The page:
However, even a multitude of backups will not protect against the loss of data due to hard errors (physical damage), soft errors (magnetic damage), or accidental erasing of files. For these problems, some software manufacturers have dipped into that vast well of public-domain software to refine and improve various data- and file-salvage programs. The value and importance of these programs appears in that they were originally developed by users who could not wait for manufacturers and professionals to catch up with their needs and problems. Too many people were being far too frustrated by that infuriating "BDOS ERROR ON B: BAD SECTOR." Thus, disk-protection and data-recovery software is truly of and for the people, and such programs stand beyond advertising, hype, applications, and uses. Simply, they should be among the essential tools that any responsible computer user should have. Since these programs were initially developed by users, for a long time they were available only for the CP/M operating system. CP/M has been around longer than most other operating systems, and its advocates have been an energetic and creative bunch. Now, however, as MS-DOS, PC-DOS, and CP/M-86 are becoming more popular due to the increasing sales of the pseudo-16-bit (like the IBM-PC) and real 16-bit microcomputers, disk-protection and data-recovery software is quickly being converted to these operating systems.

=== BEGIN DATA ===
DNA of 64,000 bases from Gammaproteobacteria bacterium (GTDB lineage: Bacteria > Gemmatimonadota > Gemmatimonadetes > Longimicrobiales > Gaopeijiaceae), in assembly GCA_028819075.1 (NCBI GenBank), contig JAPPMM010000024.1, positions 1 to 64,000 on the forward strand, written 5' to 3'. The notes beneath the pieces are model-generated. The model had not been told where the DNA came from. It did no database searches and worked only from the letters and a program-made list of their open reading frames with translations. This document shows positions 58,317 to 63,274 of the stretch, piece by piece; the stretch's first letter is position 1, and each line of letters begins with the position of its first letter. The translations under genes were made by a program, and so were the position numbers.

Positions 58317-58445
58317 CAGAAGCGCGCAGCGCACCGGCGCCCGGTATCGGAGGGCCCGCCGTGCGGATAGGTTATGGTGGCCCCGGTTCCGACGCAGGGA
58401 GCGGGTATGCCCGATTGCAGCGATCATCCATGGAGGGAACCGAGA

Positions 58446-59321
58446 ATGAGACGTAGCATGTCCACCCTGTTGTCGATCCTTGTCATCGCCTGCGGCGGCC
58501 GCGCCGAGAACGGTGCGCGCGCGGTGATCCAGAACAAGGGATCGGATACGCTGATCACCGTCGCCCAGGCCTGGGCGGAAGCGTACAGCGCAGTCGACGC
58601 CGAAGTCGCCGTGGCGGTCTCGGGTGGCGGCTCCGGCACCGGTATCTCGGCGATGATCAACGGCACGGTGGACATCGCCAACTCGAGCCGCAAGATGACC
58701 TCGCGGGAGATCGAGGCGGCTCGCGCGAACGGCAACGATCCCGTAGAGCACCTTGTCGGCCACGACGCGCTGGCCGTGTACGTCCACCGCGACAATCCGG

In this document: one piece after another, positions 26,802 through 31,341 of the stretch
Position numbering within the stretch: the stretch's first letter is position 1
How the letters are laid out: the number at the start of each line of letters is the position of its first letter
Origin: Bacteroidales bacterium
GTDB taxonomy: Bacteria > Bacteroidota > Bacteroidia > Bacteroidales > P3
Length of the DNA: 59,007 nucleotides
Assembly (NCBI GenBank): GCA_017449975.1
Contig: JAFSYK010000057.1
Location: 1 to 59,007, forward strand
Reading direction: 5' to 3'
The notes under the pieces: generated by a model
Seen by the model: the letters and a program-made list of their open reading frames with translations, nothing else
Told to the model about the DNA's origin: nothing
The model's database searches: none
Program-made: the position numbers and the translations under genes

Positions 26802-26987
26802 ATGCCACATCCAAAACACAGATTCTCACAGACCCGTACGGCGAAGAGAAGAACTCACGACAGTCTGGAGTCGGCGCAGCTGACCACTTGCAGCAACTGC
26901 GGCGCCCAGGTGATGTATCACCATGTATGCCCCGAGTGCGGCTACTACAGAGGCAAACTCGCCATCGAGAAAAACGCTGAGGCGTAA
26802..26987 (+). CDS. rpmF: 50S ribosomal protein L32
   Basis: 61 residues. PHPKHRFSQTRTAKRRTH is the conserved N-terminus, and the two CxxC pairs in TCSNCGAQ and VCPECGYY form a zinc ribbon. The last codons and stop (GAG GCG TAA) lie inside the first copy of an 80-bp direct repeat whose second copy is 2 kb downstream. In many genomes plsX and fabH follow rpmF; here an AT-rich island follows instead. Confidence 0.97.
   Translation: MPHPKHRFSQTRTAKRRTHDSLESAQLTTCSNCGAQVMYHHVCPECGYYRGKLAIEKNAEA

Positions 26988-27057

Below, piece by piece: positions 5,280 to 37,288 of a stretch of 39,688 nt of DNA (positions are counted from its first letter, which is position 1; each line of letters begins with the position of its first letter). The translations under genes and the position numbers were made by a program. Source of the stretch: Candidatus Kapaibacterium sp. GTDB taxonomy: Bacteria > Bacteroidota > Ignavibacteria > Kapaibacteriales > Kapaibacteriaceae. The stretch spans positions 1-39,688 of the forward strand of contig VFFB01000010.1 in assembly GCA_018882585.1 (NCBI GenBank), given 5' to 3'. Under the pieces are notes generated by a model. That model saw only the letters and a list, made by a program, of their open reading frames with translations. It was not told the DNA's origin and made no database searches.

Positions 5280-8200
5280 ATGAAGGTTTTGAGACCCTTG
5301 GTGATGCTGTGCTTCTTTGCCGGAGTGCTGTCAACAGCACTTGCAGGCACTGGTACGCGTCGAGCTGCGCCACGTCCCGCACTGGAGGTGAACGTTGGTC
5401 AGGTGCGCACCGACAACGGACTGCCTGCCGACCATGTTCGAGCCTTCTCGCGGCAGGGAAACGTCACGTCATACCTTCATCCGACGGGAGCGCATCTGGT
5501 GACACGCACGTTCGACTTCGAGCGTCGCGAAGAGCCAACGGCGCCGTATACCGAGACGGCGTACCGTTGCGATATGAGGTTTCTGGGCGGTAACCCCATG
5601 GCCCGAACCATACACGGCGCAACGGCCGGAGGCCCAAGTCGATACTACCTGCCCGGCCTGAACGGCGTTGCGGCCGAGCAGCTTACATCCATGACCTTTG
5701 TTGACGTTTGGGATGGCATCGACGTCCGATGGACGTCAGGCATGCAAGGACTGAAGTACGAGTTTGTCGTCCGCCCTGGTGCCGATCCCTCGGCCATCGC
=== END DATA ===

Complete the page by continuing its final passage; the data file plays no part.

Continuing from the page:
At this moment, there are a significant number of products for a variety of operating systems that will insure disk integrity, recover accidentally erased files, and recover at least the remaining good data on physically or magnetically damaged disks.